We've all been wondering exactly what Intel would do with various multicore x64 processors that had been designed as co-processors to accelerate graphics and other applications with lots of number-crunching. The answer, as Intel explained at the International Super Computing conference in Hamburg, Germany this week, is simple: Replace lots of standard Xeon processors commonly used in massively parallel supercomputers with many-cored systems on a chip and drop the whole idea of doing discrete graphics cards to compete against Nvidia and Advanced Micro Devices.
Fraudsters as well as footballers are gearing up for this month's World Cup extravaganza in South Africa.
Bangladesh blocked Facebook over the weekend, leaving the social networking site marooned from another tranche of Muslim users even as Pakistan largely restored access to the site.
Services monolith Capita has sucked up medical reporting and screening firm Premier Medical Group in return for £60m.
Hitachi GST is making a major push this year into skinny 2.5in hard drives designed for skinny netbooks, laptops and emerging classes of portable devices .
AnalysisA new study has called into question the previous received wisdom that IPv4 addresses are running out, forcing the long-heralded move to IPv6.
Castrated EU telecommunications regulator BEREC has now been relocated to Riga, Latvia - a mere 900 miles from everyone else.
Hitachi is launching HyDrive, a Blu-ray drive with an embedded solid state drive (SSD), and working with AMD and ASUS to deliver notebooks using it.
WorkshopWe all know that data protection regulations are gaining teeth. As we discussed before, it is becoming more difficult to keep data losses private, and the damage to reputation and other penalties incurred following data breaches are now significant.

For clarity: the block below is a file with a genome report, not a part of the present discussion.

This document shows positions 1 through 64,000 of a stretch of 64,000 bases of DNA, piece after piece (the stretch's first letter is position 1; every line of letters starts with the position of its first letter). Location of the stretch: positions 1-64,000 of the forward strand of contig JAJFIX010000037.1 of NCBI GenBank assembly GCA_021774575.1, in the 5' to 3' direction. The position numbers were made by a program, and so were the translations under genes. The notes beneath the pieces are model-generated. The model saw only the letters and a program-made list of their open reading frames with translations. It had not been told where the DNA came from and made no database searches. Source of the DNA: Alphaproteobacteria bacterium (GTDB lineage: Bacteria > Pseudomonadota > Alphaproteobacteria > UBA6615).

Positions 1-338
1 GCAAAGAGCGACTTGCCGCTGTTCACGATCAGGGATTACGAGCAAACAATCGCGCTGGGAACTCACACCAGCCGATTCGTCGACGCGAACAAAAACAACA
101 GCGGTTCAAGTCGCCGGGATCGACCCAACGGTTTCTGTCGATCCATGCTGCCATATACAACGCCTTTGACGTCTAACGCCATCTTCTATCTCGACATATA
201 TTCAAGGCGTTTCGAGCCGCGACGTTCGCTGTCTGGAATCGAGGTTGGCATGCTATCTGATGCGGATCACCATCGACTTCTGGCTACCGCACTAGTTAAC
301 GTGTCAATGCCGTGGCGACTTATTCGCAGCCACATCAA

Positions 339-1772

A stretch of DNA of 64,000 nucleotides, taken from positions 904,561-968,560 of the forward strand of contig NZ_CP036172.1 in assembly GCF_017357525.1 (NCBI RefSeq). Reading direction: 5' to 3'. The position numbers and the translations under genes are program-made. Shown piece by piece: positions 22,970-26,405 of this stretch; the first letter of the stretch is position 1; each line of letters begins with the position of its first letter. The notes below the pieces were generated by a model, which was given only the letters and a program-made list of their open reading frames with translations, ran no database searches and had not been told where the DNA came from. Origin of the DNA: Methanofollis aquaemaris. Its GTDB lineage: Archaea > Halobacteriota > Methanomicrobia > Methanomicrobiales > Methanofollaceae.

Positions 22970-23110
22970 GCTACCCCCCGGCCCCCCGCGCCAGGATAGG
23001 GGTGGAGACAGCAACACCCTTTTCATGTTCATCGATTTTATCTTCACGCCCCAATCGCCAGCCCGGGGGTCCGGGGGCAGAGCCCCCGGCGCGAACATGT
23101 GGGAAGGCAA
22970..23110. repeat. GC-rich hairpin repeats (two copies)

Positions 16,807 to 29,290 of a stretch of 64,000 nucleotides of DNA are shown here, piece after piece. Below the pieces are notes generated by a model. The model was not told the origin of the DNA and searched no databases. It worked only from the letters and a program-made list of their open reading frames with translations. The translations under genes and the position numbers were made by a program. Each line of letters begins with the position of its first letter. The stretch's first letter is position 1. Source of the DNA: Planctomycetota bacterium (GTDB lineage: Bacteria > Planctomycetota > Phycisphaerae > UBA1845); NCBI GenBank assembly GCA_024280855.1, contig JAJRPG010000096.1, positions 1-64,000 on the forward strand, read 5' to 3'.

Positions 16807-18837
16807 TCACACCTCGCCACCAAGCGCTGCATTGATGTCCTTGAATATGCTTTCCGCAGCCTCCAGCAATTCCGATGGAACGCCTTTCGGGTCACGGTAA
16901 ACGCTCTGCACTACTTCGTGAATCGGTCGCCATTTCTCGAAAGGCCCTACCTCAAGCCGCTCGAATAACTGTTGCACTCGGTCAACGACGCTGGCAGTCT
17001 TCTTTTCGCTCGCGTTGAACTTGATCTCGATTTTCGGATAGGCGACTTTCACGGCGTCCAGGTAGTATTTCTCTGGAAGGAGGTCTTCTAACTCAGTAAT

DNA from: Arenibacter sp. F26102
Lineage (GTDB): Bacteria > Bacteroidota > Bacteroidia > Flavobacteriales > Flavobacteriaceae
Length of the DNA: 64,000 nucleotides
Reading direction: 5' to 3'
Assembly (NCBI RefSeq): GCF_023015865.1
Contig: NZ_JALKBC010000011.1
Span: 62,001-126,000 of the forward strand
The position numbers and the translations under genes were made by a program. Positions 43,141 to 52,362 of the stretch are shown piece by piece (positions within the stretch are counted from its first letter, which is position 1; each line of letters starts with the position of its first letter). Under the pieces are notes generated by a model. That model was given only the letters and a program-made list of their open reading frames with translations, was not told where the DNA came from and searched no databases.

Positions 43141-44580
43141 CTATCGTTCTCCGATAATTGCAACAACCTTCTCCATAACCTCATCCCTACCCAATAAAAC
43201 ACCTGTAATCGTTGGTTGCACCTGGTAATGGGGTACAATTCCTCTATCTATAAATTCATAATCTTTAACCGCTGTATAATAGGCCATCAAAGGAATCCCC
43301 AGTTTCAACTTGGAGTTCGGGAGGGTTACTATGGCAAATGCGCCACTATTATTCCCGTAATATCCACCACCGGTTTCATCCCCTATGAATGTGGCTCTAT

International organisations have teamed up to run a day of action against fraud on Tuesday 1 June.
Mozilla has created a pre-release 64-bit version of Firefox for Windows for hardcore coders to test-drive.
BlogI would like to say that it has been a few days since my last malware infected computer. I have been dealing with a string of these lately, and I’ve had quite enough of them for now, thank you.
Skype has launched a new iPhone version, enabling calls over the 3G data network, but come 2011 users will be expected to start paying for those calls too.
Apple has sold two million iPads since its 3 April arrival in the US, the company revealed yesterday.
Seven senior IT officials are on the newly published list of top paid civil servants.
SanDisk has doubled the capacity of its solid state drive (SSD) with a G4 model lifting it to 256GB.
Police scientists have hailed a new technique that recently played a pivotal role in securing a murder conviction as the most significant development in audio forensics since Watergate.
There's big news from the world of rayguns this week, as the US Navy has announced successful use of a laser cannon fitted to its well-known "R2-D2" robotic gun turret installation to shoot down other, flying robots in a test.
ReviewMSI was one of the first companies to see the importance of the Eee PC as a new category of portable. The Wind U160 is its latest response to a growing range of netbooks based on Intel’s low-power Atom chips. Yet can it break the ‘me-too’ mould and offer something extra?
Monday's Quit Facebook Day turned out to be something of a damp squib.
An LA woman is suing Google after accusing its mapping service of encouraging her to walk along a high speed State Route in Utah.
Google employees are reportedly being told by their Mountain View overlords to dump Microsoft’s Windows because of security concerns about the operating system.
NewsLast month Reg Hardware ran a competition to win an HP TouchSmart 600 PC.
Apple has provided a publishing service on the iPad for those who don't want to go through all the hassle of finding a publisher.